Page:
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Poland Sequence

Retrospective Analysis of 66 Cases

Manzano Surroca, Marisa, MD, MSc; Parri, Francisco, MD; Tarrado, Xavier, MD, PhD

doi: 10.1097/SAP.0000000000001772
Breast Surgery
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Introduction and Objectives The literature reports many variations of Poland syndrome, which is a congenital disorder and a rare condition. The associated features are extremely variable, including alterations in the ipsilateral thorax and upper extremity and other malformations. This is used to designate the condition as Poland sequence (PS) because a sequence is a primary defect with a secondary cascade of structural changes. It is generally accepted that it is characterized as pathognomonic by absence/aplasia of the sternocostal aspect of the pectoralis major muscle of one side. Because it is considered a rare disease, and the incidence is low, we aimed to determine the features in all patients diagnosed at our institution to analyze the patterns and outcomes. We also revised the diagnosis according to the new classification proposed by Romanini et al to facilitate future treatments as well as to propose an improvement in the assessment and initial behavior when PS is suspected.

Methods We performed a retrospective study using our database from 1988. We identified 66 patients with a clinical diagnosis of PS in the Pediatric Plastic Surgery Unit of Hospital Sant Joan de Deu, Barcelona. We analyzed the medical charts, records, photographs, and imaging information to gather all the epidemiological information and clinical history, as well as the treatments received to analyze our experience with these patients. We used the TBN classification of Romanini et al, adding an S if there was upper extremity involvement (TBNS).

We also conducted a systematic review consulting the following databases: PubMed, Cochrane Plus, Scopus, Web of Science, and Europe PMC.

Results Among the 66 patients, 27 were men, and 39 were women. The right side was affected in 51 patients (77.3%) (19 men and 32 women). In a total of 37 patients (56.1%; 16 men and 21 women), there was no upper extremity involvement. We found 40 cases with other associations, with scoliosis being the most common. Before 2007, the team performed surgery in 1 male patient and 4 female patients; after 2007, the actual team has performed reconstruction in 8 male patients and 16 female patients. In the female patients, the average volume of breast implants was 252.5 cc, and the average volume for fat grafting was 103.5 cc on the side affected with PS. There is a wide range of chest-breast clinical involvement, which was why we decided to readdress all the imaging and clinical history to classify the patients using a new classification system to learn how to optimally treat these cases in the future. In female patients, we used Romanini's TBN classification and added an S for upper extremity involvement; the T1B1N1S0 was the most frequently observed classification. Owing to the sample size and the disparity in sex distribution, we also reassessed publications in PubMed, Cochrane Plus, Scopus, Web of Science, and Europe PMC with more than 5 cases; we found that there were a total of 1600 patients with PS in the literature and that the distribution was almost 50% for men and women, including the patients in our study (611 women, 561 men).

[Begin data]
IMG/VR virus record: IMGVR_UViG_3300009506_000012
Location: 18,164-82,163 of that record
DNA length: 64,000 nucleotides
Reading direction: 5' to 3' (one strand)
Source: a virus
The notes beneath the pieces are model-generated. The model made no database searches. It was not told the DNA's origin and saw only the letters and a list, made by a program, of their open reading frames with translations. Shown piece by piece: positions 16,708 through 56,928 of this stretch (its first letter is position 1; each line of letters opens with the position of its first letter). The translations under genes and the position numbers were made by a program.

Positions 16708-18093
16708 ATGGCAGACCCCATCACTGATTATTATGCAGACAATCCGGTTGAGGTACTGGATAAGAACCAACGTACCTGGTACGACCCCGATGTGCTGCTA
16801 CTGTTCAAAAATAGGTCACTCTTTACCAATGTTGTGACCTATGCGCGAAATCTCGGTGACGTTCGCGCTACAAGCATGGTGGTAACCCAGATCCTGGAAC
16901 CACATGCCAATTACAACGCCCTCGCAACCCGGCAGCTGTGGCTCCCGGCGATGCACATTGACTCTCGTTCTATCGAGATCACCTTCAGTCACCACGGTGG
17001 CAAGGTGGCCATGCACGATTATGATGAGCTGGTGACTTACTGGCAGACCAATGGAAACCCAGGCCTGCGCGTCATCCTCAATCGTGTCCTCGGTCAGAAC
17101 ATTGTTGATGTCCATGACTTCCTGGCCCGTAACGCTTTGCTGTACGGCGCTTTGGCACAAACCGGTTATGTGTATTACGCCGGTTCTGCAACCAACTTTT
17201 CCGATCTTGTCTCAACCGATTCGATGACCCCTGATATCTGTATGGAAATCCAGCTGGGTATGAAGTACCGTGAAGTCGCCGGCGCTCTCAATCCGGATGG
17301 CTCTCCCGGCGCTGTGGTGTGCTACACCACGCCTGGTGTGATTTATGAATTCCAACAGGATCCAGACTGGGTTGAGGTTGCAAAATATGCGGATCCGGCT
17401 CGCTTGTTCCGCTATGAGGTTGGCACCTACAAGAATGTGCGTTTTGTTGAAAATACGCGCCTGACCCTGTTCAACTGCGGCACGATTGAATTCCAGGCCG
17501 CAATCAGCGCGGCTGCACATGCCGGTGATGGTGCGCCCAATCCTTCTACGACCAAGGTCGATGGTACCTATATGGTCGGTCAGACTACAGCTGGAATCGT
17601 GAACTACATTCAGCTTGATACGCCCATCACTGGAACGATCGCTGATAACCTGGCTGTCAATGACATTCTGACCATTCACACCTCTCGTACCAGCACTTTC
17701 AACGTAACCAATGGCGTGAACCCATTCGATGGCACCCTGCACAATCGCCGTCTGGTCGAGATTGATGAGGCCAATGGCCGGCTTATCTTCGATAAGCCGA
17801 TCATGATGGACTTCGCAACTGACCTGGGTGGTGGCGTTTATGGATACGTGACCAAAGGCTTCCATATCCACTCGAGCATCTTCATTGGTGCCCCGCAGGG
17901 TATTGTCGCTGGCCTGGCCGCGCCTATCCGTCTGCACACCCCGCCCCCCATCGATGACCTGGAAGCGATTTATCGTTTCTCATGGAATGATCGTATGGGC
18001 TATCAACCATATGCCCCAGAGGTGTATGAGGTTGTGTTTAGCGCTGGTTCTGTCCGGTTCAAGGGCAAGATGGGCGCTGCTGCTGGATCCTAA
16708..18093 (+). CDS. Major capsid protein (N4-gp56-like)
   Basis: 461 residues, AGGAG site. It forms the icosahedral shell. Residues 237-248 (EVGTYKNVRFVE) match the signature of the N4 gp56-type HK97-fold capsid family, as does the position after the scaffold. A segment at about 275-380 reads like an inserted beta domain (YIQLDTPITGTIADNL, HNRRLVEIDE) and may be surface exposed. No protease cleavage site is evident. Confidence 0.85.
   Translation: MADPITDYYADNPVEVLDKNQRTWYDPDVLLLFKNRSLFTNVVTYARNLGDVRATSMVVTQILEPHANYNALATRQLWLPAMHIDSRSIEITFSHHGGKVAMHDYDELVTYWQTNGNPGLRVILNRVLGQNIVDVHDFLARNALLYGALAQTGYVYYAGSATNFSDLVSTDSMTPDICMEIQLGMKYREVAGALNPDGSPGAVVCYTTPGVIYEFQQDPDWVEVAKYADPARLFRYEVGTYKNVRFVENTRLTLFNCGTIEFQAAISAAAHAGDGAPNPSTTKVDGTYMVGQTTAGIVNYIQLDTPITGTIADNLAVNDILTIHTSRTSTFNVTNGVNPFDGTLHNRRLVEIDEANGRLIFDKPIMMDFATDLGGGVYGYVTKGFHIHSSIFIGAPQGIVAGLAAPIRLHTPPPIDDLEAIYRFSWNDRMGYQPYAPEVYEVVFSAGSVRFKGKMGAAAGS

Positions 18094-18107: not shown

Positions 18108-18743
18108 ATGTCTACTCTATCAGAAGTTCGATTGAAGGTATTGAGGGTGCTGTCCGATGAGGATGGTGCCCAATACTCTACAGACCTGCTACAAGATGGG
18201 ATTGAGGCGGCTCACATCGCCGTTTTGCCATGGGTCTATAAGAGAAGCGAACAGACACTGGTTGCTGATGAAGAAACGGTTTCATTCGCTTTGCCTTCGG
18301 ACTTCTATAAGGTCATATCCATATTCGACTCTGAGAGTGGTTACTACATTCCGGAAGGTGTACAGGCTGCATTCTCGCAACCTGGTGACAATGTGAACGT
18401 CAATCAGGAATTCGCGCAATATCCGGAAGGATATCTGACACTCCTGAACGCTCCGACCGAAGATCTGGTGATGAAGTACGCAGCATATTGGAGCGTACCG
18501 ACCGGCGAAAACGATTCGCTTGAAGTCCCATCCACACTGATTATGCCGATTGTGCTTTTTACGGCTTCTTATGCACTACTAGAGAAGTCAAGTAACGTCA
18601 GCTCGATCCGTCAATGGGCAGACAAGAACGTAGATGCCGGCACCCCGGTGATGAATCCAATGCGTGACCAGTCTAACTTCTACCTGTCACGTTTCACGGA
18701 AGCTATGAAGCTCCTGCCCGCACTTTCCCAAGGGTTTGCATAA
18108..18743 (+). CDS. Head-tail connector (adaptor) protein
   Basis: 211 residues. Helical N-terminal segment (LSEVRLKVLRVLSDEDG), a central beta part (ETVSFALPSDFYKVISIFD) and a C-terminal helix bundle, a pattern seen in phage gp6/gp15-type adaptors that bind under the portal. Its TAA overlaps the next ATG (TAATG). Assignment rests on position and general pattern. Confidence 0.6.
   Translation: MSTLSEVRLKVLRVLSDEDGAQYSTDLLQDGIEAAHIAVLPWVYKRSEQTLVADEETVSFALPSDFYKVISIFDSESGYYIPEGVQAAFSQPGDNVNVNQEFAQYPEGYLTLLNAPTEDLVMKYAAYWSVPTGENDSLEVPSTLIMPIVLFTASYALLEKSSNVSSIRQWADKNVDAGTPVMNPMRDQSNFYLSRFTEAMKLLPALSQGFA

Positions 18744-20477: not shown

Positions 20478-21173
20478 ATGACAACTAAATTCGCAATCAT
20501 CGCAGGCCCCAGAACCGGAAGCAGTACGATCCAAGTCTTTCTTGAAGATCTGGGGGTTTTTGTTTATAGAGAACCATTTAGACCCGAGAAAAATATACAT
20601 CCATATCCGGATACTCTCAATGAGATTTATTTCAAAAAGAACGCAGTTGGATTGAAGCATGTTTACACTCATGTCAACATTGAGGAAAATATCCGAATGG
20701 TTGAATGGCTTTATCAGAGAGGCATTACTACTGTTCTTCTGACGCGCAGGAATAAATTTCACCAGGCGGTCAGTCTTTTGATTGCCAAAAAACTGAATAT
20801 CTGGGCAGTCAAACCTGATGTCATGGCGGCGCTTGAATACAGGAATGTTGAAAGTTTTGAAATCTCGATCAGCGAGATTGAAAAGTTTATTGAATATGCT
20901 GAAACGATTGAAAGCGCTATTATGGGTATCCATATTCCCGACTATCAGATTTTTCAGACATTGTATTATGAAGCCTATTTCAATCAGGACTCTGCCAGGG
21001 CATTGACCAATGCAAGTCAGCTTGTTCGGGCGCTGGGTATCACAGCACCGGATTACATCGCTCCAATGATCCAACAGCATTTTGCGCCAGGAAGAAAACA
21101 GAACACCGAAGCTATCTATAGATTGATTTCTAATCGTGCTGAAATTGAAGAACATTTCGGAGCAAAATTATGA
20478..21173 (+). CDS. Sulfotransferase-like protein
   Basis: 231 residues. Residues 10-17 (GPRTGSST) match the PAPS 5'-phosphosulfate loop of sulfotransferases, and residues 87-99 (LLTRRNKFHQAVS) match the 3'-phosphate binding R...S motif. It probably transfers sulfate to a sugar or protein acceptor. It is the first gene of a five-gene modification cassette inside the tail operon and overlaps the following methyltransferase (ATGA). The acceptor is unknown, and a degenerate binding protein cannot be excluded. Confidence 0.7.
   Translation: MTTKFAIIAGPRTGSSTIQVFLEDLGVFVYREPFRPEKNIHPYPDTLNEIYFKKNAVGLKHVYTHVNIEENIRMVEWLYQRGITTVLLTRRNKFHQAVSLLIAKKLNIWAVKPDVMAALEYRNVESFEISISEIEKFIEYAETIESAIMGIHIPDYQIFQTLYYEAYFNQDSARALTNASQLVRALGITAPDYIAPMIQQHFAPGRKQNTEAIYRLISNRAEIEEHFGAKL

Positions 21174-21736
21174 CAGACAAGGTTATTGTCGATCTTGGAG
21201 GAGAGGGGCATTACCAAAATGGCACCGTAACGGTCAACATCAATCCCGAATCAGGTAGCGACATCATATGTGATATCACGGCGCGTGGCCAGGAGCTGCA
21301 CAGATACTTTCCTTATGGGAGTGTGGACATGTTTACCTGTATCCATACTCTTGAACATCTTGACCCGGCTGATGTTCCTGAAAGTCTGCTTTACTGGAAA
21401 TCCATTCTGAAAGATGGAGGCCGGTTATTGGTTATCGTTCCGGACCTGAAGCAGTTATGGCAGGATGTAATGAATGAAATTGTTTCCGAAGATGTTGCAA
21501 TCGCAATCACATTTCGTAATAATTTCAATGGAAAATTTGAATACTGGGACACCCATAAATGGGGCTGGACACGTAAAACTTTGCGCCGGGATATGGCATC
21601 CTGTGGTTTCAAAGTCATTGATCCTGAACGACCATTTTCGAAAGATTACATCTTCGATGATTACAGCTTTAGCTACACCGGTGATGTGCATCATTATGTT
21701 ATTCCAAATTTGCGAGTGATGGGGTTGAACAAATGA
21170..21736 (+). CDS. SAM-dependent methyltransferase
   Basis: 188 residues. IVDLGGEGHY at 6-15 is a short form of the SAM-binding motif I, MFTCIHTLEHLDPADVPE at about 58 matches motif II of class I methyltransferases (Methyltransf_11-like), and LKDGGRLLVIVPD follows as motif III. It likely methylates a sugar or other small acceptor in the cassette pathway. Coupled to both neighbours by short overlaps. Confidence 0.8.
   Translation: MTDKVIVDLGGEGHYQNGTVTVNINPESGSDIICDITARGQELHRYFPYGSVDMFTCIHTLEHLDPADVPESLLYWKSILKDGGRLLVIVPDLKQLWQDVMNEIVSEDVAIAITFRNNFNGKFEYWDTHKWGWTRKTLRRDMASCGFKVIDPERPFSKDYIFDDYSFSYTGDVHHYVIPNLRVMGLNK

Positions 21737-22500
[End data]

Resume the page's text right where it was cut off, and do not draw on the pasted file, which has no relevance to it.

Conclusions We propose to include the presence of upper extremity involvement in Romanini's TBN classification (TBNS) for optimal management of these patients and use a standard number and profile for image documentation presurgery and postsurgery. We found that in the literature the ratio of men and women with PS was not 2 to 3:1, but 1:1. The most frequent phenotype of PS was T1B1N1S0 (hypoplasia or aplasia of the pectoralis muscles and soft tissue/breast hypoplasia/nipple-areolar complex with dislocation of <2 cm / absence of upper extremity involvement). There was no relationship between the side involved and patients' sex for the severity of the deformity and between the severity of the thoracic involvement and ipsilateral upper extremity association. In the literature, there are several plastic reconstruction methods available ranging from standard implants to microsurgery techniques. The selected procedure depends on the phenotype, patients' needs and expectations, availability of surgery in the hospital, and surgeons' criteria; thus, surgery has to be personalized while providing a match related to the risk/benefit, taking into account the degree of functional impairment. Since the author started her practice in the hospital in 2007, the timing for procedures has been proposed at the end of adolescence with 2 consecutive appointments without changes in the breast-thorax measures. The procedure performed has included implant use with lipofilling, yielding no major complications and a high rate of satisfaction during a maximum of 10 years of follow-up.

From the Plastic Surgery Unit, Hospital Sant Joan de Deu, Universitat de Barcelona, Esplugues, Barcelona, Spain.

Received July 12, 2018, and accepted for publication, after revision October 23, 2018.

Conflicts of interest and sources of funding: none declared.

Reprints: Marisa Manzano Surroca, MD, MSc, Plastic Surgery Unit, Hospital Sant Joan de Deu, Universitat de Barcelona, Passeig de Sant Joan de Deu 2. 08950 Esplugues de Llobregat, Barcelona, Spain. E-mail: dramanzanocpl@gmail.com.

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